Are there any side effects?

There are few reported side effects and those reported are commonly associated with injection of implant materials. These may include pain and tenderness at the injection site.

Will RADIESSE Voice become hard or noticeable to touch?

No, RADIESSE Voice will remain soft and pliable.

Tracheostomy

A tracheostomy is a surgical procedure to create an opening through the neck into the trachea (windpipe). A tube is usually placed through this opening to provide an airway and to remove secretions from the lungs. This tube is called a tracheostomy tube or trach tube.

A tracheostomy may be done if you have:

  • A large object blocking the airway
  • An inherited abnormality of the larynx or trachea
  • Breathed in harmful material such as smoke, steam, or other toxic gases
  • Cancer of the neck, which can affect breathing
  • Breathed in harmful material such as smoke or steam
  • Paralysis of the muscles that affect swallowing
  • Severe neck or mouth injuries

If the tracheostomy is temporary, the tube will eventually be removed. Healing will occur quickly, leaving a minimal scar.

Occasionally a stricture, or tightening, of the trachea may develop, which may affect breathing.

If the tracheostomy tube is permanent, the hole remains open and may require surgical closure when no longer needed.

Most patients require 1 to 3 days to adapt to breathing through a tracheostomy tube. It will take some time to learn how to communicate with others. Initially, it may be impossible for the patient to talk or make sounds.

After training and practice, most patients can learn to talk with a tracheostomy tube. Patients or family members learn how to take care of the tracheostomy during the hospital stay. Home-care service may also be available.

Normal lifestyles are encouraged and most activities can be resumed. When outside, a loose covering (a scarf or other protection) for the tracheostomy stoma (hole) is recommended. Patients must adhere to other safety precautions regarding exposure to water, aerosols, powder, or food particles as well.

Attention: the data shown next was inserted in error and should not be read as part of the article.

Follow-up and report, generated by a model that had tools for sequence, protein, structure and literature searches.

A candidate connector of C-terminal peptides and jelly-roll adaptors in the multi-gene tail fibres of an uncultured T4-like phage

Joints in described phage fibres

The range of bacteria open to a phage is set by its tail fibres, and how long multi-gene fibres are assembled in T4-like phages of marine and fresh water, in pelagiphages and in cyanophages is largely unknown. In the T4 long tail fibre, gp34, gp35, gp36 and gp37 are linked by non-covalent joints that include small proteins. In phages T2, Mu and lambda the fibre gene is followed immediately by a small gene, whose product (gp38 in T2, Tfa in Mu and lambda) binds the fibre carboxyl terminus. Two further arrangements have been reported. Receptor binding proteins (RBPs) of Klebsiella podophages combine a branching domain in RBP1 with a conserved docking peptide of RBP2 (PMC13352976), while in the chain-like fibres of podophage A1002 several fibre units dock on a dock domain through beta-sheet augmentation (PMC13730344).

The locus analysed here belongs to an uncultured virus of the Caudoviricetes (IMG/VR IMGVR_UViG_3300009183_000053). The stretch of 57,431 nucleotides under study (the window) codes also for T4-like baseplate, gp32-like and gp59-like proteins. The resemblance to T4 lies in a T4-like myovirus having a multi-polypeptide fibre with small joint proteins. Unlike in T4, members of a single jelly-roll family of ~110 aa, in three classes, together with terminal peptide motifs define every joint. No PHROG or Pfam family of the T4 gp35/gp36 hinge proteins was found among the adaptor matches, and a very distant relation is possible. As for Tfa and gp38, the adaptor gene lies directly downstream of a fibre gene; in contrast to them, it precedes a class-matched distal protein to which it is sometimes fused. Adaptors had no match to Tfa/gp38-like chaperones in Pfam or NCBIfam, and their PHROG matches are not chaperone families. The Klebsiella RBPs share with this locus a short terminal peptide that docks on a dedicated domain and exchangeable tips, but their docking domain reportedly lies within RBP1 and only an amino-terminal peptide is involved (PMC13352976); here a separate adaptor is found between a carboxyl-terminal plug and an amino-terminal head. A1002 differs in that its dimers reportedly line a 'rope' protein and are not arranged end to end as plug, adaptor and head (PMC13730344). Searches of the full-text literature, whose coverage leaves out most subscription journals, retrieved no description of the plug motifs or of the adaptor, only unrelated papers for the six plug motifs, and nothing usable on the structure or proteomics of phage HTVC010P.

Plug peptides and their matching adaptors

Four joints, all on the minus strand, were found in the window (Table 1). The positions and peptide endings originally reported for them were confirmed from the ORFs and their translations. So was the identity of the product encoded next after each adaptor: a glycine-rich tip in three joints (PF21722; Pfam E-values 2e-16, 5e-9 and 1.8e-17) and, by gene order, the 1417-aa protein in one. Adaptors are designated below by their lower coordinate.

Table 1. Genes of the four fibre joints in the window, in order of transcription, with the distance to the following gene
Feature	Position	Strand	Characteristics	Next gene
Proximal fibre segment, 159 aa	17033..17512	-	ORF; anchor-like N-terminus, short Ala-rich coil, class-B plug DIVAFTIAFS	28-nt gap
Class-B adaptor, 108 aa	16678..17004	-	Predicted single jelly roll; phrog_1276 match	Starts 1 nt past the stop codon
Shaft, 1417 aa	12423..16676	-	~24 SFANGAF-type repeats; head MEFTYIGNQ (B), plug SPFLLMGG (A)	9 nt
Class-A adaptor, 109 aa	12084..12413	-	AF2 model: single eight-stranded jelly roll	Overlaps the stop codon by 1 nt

Laryngectomy

Laryngectomy is surgery to remove the larynx (voice box) in your throat. All or part of the larynx may be removed in a laryngectomy.

Total laryngectomy is major surgery that is done in the hospital. Before surgery you will receive general anesthesia. This will make you unconscious and unable to feel pain.

In a total laryngectomy, first your surgeon will make an incision (cut) in your neck to open up the area. Important parts of this surgery are:

  • Your surgeon may remove the lymph nodes.

  • Your surgeon may do a tracheoesophageal puncture (TEP). A TEP is a small hole made in your trachea (wind pipe) and esophagus (the tube that moves food from your throat to your stomach). Your surgeon will place a small prosthesis (a man-made part) into this opening. The prosthesis will allow you to speak after your voice box has been removed.

  • Your surgeon will remove your larynx and the tissues around it.

  • Your surgeon will make an opening in your trachea and a hole in front of your neck. Your trachea will be brought up and attached to this hole. The hole is called a stoma. After surgery you will breathe through your stoma. It will never be removed.

  • Your muscles and skin will be closed with stitches or clips. You may have tubes coming from your wound for a while after surgery.

There are many less invasive surgeries to remove part of the larynx.

  • These may work for some people. The surgery you have may depend on how much your cancer has spread and what type of cancer you have.